The Saturday reviews continue with a Kubrick classic.
Cast, Crew, and Other Info
Malcolm McDowell as Alex De Large
Patrick Magee as Mr. Alexander
Michael Bates as Chief guard
Warren Clarke as Dim
Adrienne Corri as Mrs. Alexander
Carl Duering as Dr. Brodsky
Screenplay by Stanley Kubrick, based on a novel by Anthony Burgess.
Directed by Stanley Kubrick.
Complete information is available from the IMDB.
A young man who enjoys rape, violence, and Beethoven is cured of these tendencies rather effectively.
This is a close one. On the one hand, the recognition of Ludwig van was a major moment setting up the rest of the film. On the other, the fantasies Alex had while reading the Big Book show something of his inner, inescapable nature. They perfectly represent the two sides of the debate that was to come, and the description of the character within.
Why did the lodger wait so long to speak if he felt that strongly about it?
The originality loses the usual points for being an adaptation, though it is a pretty unique view of social conditioning. I give it 4 out of 6.
The only effect in the film was some bad blue screening while the droogs were driving, and it was terrible. It only lasts a few seconds, and has little to do with the rest of the film, so it doesn’t detract from the final product. Still, if we’re rating effects, there’s no way to give it a high rating. I give it 2 out of 6.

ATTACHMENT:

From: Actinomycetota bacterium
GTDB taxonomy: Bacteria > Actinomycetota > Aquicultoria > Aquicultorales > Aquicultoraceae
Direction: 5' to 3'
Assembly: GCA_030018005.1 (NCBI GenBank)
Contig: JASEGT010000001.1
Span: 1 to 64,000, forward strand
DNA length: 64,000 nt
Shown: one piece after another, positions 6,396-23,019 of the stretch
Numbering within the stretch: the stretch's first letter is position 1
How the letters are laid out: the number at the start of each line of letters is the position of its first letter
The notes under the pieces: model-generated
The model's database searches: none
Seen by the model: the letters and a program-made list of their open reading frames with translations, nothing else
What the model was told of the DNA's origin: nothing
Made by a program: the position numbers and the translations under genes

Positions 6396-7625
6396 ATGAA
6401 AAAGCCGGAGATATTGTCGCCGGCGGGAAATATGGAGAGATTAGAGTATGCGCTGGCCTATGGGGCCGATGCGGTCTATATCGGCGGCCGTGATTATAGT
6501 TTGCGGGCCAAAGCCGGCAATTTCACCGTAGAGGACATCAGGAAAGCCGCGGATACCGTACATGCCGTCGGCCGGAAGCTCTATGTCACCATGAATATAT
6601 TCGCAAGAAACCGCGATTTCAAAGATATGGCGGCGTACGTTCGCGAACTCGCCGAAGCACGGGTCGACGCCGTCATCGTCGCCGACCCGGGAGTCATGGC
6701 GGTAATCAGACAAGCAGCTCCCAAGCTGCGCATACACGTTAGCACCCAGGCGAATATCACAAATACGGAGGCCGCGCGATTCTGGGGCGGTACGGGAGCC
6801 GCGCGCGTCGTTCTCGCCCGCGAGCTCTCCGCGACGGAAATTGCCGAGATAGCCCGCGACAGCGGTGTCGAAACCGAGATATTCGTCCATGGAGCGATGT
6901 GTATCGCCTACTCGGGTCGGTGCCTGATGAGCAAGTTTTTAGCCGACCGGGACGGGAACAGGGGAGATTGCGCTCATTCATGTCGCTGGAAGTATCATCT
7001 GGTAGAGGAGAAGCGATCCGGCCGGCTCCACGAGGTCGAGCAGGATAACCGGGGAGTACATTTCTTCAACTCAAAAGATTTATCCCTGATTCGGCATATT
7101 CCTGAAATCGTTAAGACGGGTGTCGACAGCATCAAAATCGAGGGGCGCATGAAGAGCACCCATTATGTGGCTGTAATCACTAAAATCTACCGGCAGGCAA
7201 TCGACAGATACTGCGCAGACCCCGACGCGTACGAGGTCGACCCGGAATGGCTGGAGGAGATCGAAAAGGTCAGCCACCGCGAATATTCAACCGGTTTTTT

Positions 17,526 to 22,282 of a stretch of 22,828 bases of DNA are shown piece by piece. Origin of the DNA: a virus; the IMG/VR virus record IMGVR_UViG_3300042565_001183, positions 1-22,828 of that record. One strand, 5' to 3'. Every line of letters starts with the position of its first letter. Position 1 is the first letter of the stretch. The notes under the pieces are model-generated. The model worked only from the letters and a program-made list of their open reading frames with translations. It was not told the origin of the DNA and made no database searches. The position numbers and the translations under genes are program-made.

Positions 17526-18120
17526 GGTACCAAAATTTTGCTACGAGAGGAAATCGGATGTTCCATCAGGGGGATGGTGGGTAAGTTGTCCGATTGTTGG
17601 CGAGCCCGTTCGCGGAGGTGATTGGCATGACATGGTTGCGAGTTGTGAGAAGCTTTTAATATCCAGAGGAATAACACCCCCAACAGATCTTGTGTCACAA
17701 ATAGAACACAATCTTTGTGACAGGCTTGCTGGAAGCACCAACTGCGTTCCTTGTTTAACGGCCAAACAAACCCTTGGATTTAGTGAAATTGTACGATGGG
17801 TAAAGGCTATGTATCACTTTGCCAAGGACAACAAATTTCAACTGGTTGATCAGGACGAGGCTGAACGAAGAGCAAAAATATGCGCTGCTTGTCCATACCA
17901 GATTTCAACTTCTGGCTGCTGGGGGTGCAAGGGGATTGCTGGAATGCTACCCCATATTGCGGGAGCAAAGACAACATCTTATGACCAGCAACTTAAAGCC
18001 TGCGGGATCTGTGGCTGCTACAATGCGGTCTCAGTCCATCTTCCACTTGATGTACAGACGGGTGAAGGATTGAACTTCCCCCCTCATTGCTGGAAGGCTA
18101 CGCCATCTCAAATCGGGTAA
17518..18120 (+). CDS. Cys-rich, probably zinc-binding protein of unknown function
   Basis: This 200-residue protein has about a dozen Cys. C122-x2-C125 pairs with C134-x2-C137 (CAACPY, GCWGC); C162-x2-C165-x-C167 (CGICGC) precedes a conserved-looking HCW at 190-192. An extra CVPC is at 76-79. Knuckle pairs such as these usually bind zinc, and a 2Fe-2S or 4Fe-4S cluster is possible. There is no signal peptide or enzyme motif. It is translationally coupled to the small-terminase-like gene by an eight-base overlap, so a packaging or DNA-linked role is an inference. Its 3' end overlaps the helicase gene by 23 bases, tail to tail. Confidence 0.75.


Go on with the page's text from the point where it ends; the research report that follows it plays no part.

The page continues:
The story was very well written. The different political and ethical sides of the debate are disturbingly plausible, leaving us in a very disturbing mental state when all is said and done. I give it 6 out of 6.
The acting was nailed by the entire cast. Malcolm McDowell’s performance in particular guaranteed him steady work for the rest of his career, provided that he didn’t mind playing psychopaths and other freaks for the remainder of his days. I give it 6 out of 6.
The emotional response is very powerful. Some moments are very hard to watch, but it’s got such a lock on you that you can’t turn away. It’ll put you through the ringer by the time it’s done. I give it 6 out of 6.
The production was orchestrated by director Stanley Kubrick. He was a perfectionist with far more patience than his cast, often planning on doing over 50 takes of important scenes just to make sure he would be able to pick one with just the right nuances. I give it 6 out of 6.
Overall, it’s a powerful movie, with a message that comes across loud and clear. I give it 6 out of 6.
In total, Clockwork Orange receives 36 out of 42.
Join us next week for a review of Conspiracy Theory.